WIRRAL GUARDIANS. t Mr. T. Davies presided over the fortnightly meeting of this hard at Clatterbridge an Wednesday. The IJhapel in which the meeting was held had been decorated by the officers, and bore a seasonable appearance, M also did the rooms in the Workhouse. The number of jnmatos was reported to be 188, against 180 year, including 29 males and 29 females infirmary. During the past fortnight rtilief had been given to 105 vagrants, cornPated with 115 at this time last year. The Board Pd a vate of thanks to a num- ber of ladies and gentlemen who had forwarded Christmas gifts for distribution, in the insti- tution, and it. w mentioned that the inmates desired to add ir thanks to the donors and also to Mr. ""I% for presiding at their Christ- n-tas dinner. Mr. Earle filO,, the adoption of the minutes of the 1« inance Committee, and stated that the cheques for paytn<>nt amounted to £ 1,349. 9s. 10d of which «l22 was for out-reIief and £ 1,000 to the contract^. for fixing tho plant for the supply of eieetjj0 [[ght to the workhouse.—It was reported t^ (Ij16 works of extensions and alterat ions to tl^ house should, according to the contract, be fill¡bed on January 1st. Judging by the present appearance of the works the members agreed thwt the contractors would be some months ;\ter. It was re"go"itd that the clerk write to the architects, askj^ them to urge the contractors to proceed mofe rapidiy w;th t'lie work. If they did not do so tllG penalty clstuscs would I strictly e-nforc^ Some diseu %on aroSie upon the question of the county ra and education rates being in- cduded in the jjqqj. rate, to which several guar- dians objected tSpcoially as the demand notes wem l^dod poor ratc." It was deciQe-d upon the matter tha.t the-clerk be instructed to the overseers, asking them to have details for the rate in red ink, so as to call the attention of the ratepayers to the fact that the chief items were in respect of county and <Mi,0ation rates, and not poor ratoe.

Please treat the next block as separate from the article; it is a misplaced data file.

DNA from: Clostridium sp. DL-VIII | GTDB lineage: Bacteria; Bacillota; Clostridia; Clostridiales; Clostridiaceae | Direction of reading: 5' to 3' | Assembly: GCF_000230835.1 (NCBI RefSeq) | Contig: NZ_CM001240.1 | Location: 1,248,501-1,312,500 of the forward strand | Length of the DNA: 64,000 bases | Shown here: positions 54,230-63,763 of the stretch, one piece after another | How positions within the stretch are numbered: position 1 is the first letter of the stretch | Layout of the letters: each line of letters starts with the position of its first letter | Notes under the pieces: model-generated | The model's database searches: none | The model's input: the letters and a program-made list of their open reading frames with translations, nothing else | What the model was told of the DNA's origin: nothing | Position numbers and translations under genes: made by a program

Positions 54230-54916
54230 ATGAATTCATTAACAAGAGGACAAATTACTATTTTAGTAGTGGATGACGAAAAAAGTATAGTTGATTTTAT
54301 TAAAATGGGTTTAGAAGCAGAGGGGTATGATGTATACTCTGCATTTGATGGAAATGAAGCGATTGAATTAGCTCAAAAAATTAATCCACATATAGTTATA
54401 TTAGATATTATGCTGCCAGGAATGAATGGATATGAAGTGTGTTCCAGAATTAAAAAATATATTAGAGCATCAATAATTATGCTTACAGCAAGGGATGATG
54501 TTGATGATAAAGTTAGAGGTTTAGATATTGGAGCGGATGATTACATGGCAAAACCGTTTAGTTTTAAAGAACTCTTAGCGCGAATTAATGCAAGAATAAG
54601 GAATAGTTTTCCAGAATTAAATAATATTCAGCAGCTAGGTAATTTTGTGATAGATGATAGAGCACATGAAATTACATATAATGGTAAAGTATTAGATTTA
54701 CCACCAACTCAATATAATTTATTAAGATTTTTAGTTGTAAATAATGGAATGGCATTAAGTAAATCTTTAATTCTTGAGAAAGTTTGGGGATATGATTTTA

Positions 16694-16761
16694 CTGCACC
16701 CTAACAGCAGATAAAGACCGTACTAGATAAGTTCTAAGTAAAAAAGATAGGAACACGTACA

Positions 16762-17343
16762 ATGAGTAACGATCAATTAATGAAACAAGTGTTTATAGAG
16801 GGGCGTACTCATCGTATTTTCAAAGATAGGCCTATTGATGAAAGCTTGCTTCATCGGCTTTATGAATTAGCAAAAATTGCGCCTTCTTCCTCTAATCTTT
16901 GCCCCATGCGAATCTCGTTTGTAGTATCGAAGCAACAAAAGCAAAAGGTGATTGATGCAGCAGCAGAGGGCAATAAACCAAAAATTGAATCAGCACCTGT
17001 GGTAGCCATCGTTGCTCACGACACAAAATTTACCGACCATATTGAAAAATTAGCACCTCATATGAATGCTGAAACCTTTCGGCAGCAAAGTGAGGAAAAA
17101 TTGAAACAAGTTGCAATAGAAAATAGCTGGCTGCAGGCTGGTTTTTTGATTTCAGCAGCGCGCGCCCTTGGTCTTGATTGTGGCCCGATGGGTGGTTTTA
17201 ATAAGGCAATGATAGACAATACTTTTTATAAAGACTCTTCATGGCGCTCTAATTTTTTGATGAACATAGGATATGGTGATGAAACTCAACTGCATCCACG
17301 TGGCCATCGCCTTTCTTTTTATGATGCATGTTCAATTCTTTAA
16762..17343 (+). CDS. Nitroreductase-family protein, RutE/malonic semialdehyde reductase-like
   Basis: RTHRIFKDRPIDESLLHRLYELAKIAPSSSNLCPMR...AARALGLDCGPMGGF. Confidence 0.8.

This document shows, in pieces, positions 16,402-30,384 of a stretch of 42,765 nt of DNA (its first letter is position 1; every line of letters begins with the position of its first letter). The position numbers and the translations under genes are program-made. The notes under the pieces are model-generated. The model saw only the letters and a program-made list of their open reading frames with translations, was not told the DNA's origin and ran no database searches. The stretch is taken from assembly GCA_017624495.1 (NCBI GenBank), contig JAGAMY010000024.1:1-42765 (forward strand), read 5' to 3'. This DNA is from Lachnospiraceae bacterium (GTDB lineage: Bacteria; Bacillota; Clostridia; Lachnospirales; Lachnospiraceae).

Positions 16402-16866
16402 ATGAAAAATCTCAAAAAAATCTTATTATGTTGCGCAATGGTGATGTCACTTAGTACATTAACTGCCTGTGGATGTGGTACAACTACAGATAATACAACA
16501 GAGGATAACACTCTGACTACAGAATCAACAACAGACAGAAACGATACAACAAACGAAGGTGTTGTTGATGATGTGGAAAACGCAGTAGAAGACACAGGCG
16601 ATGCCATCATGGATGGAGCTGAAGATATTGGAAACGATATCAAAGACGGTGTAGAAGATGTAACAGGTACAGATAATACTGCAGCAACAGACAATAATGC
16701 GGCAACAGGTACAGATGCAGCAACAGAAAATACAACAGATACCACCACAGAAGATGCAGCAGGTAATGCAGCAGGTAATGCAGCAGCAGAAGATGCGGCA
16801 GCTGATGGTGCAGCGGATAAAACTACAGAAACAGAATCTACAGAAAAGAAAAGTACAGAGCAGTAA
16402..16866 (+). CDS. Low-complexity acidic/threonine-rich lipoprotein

PREVENTING CONSUMPTION. 1 THE CHESTER ASSOCIATION. ADVICE TO THE PUBLIC. The first ttmuaj meeting in connection with the Chester Association for the Prevention and Cure of umption was held in the- associa- tion's dispet^j-y The result of the first year's work was ordered very satisfactory, as over 520 patients passed through the books, each having reOaived medicine, advice and othei assistant. A report was road fiom the hon. dispensing tiliysician (Dr. Duff), in the course of which he :—"The dispensary at 43, Queen- stroci, was open-ed about thirteen months ago I have beem informed by those who are compe- tent to fO% an opinion by their work among those that lire ill and the poor, that it has done good work ajnong that class of the community in which a 4011 assistance and advice is especially required. Oonsumption is a. protracted disease, lasting in r4any l--a.5œ for years, a calamity which brings IOI¡g with it many other hardships. If the patient is the bread-winner of the family, his P'Oflged incapacity for work brings all the attend^ evils of extreme poverty. Tihe miombors qj fjyj family being destitute and suffering from the want of food and clothing, fat! an easy prey to the infection to which they aiv exposed Several such oases have come un- der our orva.tion during the past year. It is our invarikbig rule, after the death of any mem- ber of a family, or where a person is suffering from the disease, to recommend the medical ex- amination of the other members of the family, and in SOtne of the oases that we have examined some members were found to be suffering from the disea^ and by suah means we were able to secure the early efficient treatment of these ^patients in hospitals or sanatoria, where the disease has been arrested. Some of them have been ena^kd to return to their former pursuits. This matter makes us realise the importance of ea.rly treatment and notifying to the public health authorities every case of consumption, as cxpericnce teaches us that generally several cases of th-ø disease are found in the same house- hold, es which have not been previously sus- pected, and probably the house itself is infected. The pub-icoug-ht to be taught that consumption, ,ic ot as well ks being an infectious disease, is a most insidiotig disease, that patients may be attend- ing to their usual duties thinking thai they are only suffering from a slight vat-ack of indiges- tion, or from an ordinary cold, when they are in reality differing from consumption; also that in oases of arrested consumption, where the patients and their friends think the patients are cured, such is not the case, as the disease is only latent in tho syStem, and any indiscretion, especially in the of fresh air and good food, on the part of the pa.tients may cause a renewal of all the symptoms, even in a worse form than for- merly; or it may pass to another organ. line latter result is more especially the case m chil- dren, who are more susceptible to the disease than adults. In children the disease may pass from the lymphatic glands to the brain, a form of thi diocase which is a frequent cause of death in young children. Over 500 patients have attended at the dispensary, and among these were caujes of the various forms of consumption. In sotno cases the disease was too far advanced to do more than to ameliorate the sufferings of the patient, and this can be done in all cases; other cases were in a more favourable condition for successful treatment, and these, as far as possible, were sent to sanatoria, hospitals, and convalescent homes, where in most cases they were benefited by the treatment. Some of the worst cases were visited at their own homes by district and other lady visitors, who in the necessitous cases relieved as far as they could their wants. A marked feature of the dis- pensary is the large number of children that are brought suffering from one form or another of chest affection, and many of these are found to have a latent form of consumption, illustrating the extreme frequency of the disease in children. It should he clearly understood that the dis- pensary is uot, like an ordinary institution, merely for the treatment of individual patients, but it is more of a oentre to which consumptive patients, and patients with chronic colds or pers:stenfc ill-health, should be oent for special advioe as to what is beet to be done in their case. The oommunity should be told that the dispensary is for the purpose of spreading in-! formation as to the best means of prevention aad treatment; the value of fresh air in homes; to answer questions regarding consumption, and to give advice in any case as to what is best for the patient. At the close votes of thanks were accorded the hon. treasurers (Mr. J. R. Thomson and Mr. W. L. Davies) and the hon. secretary (Mr. G. W. Haswell).